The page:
Monday, February 3, 2014
Monster Team-Up Reflection #2: Story of Drac, Wolf and Frank LP
Lots of folks around my age surely recall those wondrous Power Records selections back in the '70s. Power Records offered a large range of fantastic, pop-cultural adaptations of favorite stories and characters, ranging from "Planet of the Apes" to "Six Million Dollar Man". As a youngster, I frequently re-played such engaging recordings as the introspective Captain America/Falcon romp, "A Phoenix Shall Arise" and the powerfully poignant Man-Thing classic, "Night of the Laughing Dead".
These recordings were done in the old-time-radio vein, with a number of actors offering the voices, accompanied by comic-books that one could read-along to as the discs played. (Little beeps would signal one to turn the page, in case one's mind wandered, which was unlikely to happen, considering how enthralling these stories were in both their audio and visual aspects.)
Power Records also offered an astonishingly good monster team-up LP in '75, verbosely entitled, "A Story of Dracula, the Wolfman and Frankenstein", which I recently revisited, still being on my evident monster team-up kick. The title (as it appears on the front-cover artwork) is, in fact, a tad inaccurate, due to one of the plot twists, but nonetheless, this is a monster-icon merging irrevocably worthy of consumption, combining elements of Universal and Hammer lore, with the tone of such '70s entries as Dan Curtis' classic monster adaptations and even the epic, "Frankenstein: the True Story."
The rollicking yarn kicks off with Frankenstein's nephew/assistant, Vincent, on the run with his curvaceous finance, Ericka, only to found by a mysterious, but seemingly helpful stranger, who on the recording has a distinct Lugosi-like accent and a stark resemblance to Bram Stoker's literary, legendary blood-sucker. (Gosh, wonder who he might be...)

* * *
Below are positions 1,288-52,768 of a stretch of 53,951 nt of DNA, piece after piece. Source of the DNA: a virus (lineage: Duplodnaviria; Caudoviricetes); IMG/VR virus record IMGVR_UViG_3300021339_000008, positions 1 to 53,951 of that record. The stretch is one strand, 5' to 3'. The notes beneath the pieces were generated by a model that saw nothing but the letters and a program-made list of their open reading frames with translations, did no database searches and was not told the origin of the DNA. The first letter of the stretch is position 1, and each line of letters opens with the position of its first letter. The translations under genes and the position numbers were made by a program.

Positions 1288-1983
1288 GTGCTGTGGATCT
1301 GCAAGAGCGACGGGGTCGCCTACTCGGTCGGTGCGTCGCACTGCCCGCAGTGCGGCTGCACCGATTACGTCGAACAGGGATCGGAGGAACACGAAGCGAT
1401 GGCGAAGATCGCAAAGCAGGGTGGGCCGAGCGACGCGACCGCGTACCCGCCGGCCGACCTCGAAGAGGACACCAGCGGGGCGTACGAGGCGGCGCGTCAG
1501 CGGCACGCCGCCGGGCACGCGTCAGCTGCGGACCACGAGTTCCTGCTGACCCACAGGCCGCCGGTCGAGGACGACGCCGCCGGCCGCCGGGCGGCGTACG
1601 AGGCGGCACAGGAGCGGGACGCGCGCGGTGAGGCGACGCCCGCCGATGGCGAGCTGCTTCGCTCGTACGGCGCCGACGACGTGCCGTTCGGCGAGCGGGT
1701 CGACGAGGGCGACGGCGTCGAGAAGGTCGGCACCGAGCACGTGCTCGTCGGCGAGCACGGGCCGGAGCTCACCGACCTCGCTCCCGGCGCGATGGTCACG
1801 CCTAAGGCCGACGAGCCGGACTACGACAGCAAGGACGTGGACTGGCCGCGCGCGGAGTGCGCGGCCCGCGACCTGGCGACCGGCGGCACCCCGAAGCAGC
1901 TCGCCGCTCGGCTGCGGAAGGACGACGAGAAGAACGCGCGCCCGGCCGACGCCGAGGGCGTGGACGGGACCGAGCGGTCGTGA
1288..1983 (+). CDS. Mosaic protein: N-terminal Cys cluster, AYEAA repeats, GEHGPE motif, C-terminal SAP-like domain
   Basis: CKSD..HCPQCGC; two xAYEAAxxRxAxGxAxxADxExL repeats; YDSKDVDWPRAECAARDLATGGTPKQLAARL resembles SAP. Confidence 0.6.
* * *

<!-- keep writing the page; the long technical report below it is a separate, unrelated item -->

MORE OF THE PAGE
The man invites the couple to his castle, but then reveals he motive: he has already recreated the Frankenstein laboratory, but is struggling to emulate the notorious experiment successfully. With Vincent in his grasp, he can accomplish this. As such, he keeps Ericka captive, while Vincent is forced to construct a new monster, who upon awakening, finds poor Ericka and tosses her out a window.
Though initially assumed dead, Ericka is found unconscious by a couple of dim-witted men and their grandmother: an old gypsy woman named Maleva, who though named after Maria Ouspenskaya's "Wolf Man" character, is nowhere near as kind or gentle. She soon plunges Ericka into a Cinderella-like hell, with no apparent hope of escape...
Eventually, the surprise lycanthrope rears its furry head (and yet another emerges on top of that). Drac and the Monster ultimately engage in an intense fight, until all is seemingly settled, with Vincent and Ericka happily reunited.
Neal Adams (who fashioned some of the very best Batman images of the '70s) illustrated this one. Peter ("Speed Racer"/"Ultraman") Fernandez can be heard on the recording, as well as on other Power Records adventures.
I must say, as a kid, this one sure played like a movie in my mind, and even insinuates a sequel in its final panels, which alas never materialized. (Gosh, it really would have been cool if another had been done, perhaps having incorporated Jekyll/Hyde, maybe even the Invisible Man and/or the Mummy!)
You can actually tap into the recording and images via YouTube. There are also some tribute/mini-review samplings available throughout the web.
Anyway, give "Story of Drac, Wolf and Frank" a whirl when you can. It'll give you a swell taste of '70s pop-culture, as well as ample, fun-filled time with variations on some your very favorite, famous monsters!